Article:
Asda is set to become the first UK retailer to use hydrogen fuel cells to power manual handling equipment, reducing its carbon footprint in the area by 80%.
The six-month trial will take place at its Skelmersdale Chilled Distribution Centre (CDC) in Greater Manchester and the cells will be used to power equipment such as fork lift trucks and order pickers.
The fuel cells, which are produced by company Plug Power, have twice the power of lead acid batteries and release zero emissions, with water the only bi-product. The trial could see the retailer reduce carbon dioxide in this one site by 120 kilograms of CO2e and close to 300,000 kilowatt hours of electricity per year.
The cells work via a simple connector - not dissimilar in the way batteries are currently connected - which powers the cells and the equipment. The refuel takes less than 90 seconds to complete and is significantly shorter than lead batteries, which can take up to 15 minutes.
Darren Pettner, General Manager at Asda's Skelmersdale CDC, said: “Being a sustainable business is a big priority for us, so we are delighted to introduce a new way of working which will have a significant impact on our carbon footprint.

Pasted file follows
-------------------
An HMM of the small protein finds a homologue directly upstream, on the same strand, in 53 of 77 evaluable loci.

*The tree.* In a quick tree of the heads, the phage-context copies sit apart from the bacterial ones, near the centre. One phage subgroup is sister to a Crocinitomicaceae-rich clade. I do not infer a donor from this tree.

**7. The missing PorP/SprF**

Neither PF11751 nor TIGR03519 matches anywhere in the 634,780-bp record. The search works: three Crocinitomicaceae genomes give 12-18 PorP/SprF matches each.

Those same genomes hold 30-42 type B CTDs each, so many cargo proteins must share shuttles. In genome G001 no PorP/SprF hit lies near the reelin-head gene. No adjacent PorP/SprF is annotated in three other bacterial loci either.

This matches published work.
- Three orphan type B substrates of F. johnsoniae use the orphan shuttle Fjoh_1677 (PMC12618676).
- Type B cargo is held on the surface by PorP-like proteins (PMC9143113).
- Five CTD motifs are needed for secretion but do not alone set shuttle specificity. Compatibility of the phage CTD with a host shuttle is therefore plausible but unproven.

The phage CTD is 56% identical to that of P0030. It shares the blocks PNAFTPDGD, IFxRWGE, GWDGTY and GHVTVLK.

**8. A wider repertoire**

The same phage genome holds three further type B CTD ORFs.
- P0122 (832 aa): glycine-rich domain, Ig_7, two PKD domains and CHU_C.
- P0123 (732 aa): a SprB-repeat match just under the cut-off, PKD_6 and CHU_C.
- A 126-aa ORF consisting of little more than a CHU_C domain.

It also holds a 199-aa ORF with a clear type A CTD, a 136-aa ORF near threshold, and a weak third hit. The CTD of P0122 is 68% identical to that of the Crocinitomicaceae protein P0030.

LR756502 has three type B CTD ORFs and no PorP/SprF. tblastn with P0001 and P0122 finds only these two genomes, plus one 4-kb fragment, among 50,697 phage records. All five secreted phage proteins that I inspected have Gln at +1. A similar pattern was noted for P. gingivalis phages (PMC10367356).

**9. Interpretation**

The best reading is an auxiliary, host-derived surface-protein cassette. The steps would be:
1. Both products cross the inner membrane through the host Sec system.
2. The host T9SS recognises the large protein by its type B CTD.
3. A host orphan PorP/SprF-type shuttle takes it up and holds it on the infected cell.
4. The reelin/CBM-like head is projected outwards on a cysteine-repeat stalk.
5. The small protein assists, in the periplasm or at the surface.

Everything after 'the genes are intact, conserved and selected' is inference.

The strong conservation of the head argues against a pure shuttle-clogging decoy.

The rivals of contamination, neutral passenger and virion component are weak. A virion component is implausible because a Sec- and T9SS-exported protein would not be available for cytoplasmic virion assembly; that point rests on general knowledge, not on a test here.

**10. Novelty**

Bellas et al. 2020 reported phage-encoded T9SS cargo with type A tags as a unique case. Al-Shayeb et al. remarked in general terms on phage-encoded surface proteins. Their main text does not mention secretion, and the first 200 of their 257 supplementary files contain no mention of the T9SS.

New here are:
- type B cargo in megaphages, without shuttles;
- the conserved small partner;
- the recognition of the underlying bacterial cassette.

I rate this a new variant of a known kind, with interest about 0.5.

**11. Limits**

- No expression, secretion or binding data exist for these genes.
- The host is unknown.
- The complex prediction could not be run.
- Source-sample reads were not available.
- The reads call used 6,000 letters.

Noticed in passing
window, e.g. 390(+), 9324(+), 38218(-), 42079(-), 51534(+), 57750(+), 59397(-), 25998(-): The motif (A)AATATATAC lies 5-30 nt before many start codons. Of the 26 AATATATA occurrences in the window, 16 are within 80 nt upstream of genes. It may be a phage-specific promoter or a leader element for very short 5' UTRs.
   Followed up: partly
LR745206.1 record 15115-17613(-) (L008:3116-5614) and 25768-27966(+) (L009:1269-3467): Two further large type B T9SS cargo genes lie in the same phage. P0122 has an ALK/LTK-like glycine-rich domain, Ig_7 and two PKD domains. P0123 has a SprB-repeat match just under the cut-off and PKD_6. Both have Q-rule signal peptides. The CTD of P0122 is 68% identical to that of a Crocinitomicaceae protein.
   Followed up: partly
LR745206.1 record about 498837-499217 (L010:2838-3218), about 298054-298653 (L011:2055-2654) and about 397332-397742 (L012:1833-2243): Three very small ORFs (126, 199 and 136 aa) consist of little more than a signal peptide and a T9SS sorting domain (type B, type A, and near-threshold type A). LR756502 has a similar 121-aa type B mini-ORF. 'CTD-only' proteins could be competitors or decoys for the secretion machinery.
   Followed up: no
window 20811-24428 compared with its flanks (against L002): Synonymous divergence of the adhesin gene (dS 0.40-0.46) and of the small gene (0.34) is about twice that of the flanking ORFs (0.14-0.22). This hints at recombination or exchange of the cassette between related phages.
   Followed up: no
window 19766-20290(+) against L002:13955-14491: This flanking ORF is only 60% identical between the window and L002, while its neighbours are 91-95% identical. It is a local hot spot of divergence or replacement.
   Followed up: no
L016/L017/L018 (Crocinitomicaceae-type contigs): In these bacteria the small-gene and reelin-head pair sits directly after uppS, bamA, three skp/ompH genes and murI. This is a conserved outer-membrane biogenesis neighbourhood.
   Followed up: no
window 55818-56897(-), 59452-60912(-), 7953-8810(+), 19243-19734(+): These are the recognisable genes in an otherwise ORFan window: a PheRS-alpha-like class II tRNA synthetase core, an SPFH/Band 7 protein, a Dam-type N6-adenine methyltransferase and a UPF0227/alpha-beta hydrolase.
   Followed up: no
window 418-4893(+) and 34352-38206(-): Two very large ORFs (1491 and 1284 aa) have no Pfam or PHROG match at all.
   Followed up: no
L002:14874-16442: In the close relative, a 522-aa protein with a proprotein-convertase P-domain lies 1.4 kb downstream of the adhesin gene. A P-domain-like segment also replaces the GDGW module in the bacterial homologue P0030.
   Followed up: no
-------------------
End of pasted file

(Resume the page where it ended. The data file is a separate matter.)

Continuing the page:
“We are excited about the possibilities this trial presents and what we could achieve in the future.”
Asda is making carbon reduction a priority across the business. The grocer has already reduced its energy usage by 20% in stores and uses the same amount of energy as it it did in 2005, despite its estate being 200% bigger.
The retailer has made a firm commitment to reduce its scope one and two emissions by 50% by 2025 and is working with suppliers to sharing ideas and solutions to tackle climate change and food waste.
Part of Walmart, Asda is also committed to meeting its target to remove 1 billion tonnes of emissions globally as part of Project Gigaton, with 179 Asda suppliers having already signed up to this commitment, saving 29 million metric tonnes of emissions.